• Faculty in Environmental Studies and Biological Sciences Depts.
• Ph.D., Stanford University
Dr. Hardin passed away in 2003.
Trained as an ecologist and microbiologist, Hardin is best known for his pioneering 1968 essay, "The Tragedy of the Commons," which is widely accepted today as a fundamental contribution to ecology, population theory, economics, and political science.
Hardin was a member of the UCSB faculty for more than 30 years, and remained actively involved in writing and research following his retirement in 1978. His most recent books include "The Immigration Dilemma: Avoiding the Tragedy of the Commons" (1995), "Stalking the Wild Taboo" (1996), and "The Ostrich Factor: Our Population Myopia" (1999).
Hardin received many honors during his lifetime, including the 1997 Constantine Panunzio Distinguished Emeriti Award, which each year honors one retired faculty member of the nine-campus University of California system for continued scholarly productivity.
Garrett James Hardin, died at his home in Santa Barbara on September 14, 2003, at the age of 88.
Phi Beta Kappa Award in Science with his 1993 book, Living Within Limits: Economics and Population Taboos, Oxford University Press.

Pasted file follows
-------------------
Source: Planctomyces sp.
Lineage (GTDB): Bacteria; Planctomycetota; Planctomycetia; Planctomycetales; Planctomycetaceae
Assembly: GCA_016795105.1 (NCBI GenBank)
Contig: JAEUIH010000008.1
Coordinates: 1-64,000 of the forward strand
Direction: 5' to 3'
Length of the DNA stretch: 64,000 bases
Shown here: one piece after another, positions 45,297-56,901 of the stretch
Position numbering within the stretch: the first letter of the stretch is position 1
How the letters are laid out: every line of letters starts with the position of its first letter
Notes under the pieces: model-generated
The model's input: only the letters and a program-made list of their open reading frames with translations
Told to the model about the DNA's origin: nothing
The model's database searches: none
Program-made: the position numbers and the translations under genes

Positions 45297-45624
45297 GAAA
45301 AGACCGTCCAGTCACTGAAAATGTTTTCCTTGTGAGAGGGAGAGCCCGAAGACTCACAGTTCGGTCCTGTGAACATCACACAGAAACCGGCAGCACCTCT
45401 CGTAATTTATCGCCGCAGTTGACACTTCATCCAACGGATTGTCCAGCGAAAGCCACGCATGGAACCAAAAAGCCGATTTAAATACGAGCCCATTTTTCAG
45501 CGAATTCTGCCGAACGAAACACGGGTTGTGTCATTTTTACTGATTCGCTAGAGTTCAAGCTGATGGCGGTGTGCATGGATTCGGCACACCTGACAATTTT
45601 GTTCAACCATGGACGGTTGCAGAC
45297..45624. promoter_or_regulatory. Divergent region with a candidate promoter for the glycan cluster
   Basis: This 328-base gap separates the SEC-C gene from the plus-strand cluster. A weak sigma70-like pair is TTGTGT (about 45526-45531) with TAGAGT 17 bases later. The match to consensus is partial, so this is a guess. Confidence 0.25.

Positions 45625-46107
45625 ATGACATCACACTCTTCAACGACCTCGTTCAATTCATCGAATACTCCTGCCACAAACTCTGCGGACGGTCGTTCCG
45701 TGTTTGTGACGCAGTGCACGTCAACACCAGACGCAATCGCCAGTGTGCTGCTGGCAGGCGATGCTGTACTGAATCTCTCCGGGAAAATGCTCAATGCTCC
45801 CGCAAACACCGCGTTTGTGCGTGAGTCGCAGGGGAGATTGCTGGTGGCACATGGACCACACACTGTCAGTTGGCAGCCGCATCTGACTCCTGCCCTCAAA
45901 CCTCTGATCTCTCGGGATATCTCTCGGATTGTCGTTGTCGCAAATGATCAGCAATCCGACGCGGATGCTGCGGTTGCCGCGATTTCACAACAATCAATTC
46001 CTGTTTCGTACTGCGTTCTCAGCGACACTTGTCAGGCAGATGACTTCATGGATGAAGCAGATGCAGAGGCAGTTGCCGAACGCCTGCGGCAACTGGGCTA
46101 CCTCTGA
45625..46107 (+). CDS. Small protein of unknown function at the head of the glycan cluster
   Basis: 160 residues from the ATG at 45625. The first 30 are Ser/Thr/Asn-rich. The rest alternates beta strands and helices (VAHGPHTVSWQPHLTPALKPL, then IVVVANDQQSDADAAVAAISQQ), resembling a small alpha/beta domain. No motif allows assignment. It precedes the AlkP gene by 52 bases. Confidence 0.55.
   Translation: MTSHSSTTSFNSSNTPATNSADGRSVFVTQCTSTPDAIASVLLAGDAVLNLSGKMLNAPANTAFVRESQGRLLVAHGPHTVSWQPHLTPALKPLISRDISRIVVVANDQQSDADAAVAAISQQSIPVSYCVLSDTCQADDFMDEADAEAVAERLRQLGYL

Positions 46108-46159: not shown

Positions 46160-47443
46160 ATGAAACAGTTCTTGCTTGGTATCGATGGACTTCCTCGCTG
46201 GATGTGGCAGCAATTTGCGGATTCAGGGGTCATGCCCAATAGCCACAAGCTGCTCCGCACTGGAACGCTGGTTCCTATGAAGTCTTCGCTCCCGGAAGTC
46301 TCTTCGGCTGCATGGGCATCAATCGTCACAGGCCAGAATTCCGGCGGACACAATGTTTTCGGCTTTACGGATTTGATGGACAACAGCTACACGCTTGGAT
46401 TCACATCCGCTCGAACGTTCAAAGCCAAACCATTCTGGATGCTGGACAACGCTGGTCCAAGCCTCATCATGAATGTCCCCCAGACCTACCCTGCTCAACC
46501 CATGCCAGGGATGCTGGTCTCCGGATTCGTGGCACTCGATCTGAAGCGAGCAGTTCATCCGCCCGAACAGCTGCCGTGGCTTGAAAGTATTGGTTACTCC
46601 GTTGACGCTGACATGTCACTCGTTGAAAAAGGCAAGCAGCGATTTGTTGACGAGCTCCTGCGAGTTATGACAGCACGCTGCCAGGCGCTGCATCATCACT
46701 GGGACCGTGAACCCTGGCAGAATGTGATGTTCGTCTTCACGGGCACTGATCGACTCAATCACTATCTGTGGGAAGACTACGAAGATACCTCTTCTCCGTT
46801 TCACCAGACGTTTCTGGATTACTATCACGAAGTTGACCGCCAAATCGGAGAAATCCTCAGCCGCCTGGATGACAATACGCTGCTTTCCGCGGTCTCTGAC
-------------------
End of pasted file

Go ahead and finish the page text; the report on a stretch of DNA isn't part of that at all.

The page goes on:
1997 Constantine Panunzio Distinguished Emeriti Award, honoring one retired faculty member of the nine campus University of California system for continuing scholarly productivity.
The Ostrich Factor: Our Population Myopia, 1999.
The Immigration Dilemma: Avoiding the Tragedy of the Commons, 1995.
"The Tragedy of the Unmanaged Commons, Trends in Ecology and Evolution," BioScience, 2 (5), 1994
Living Within Limits: Ecology, Economics, and Population Taboos, Oxford University Press, 1993.
Filters Against Folly: How to Survive Despite Economists, Ecologists, and the Merely Eloquent, 1985.
"Living on a Lifeboat," BioScience, 24 (10), 1974
"The Tragedy of the Commons," Science, 162 (1243-1248), 1968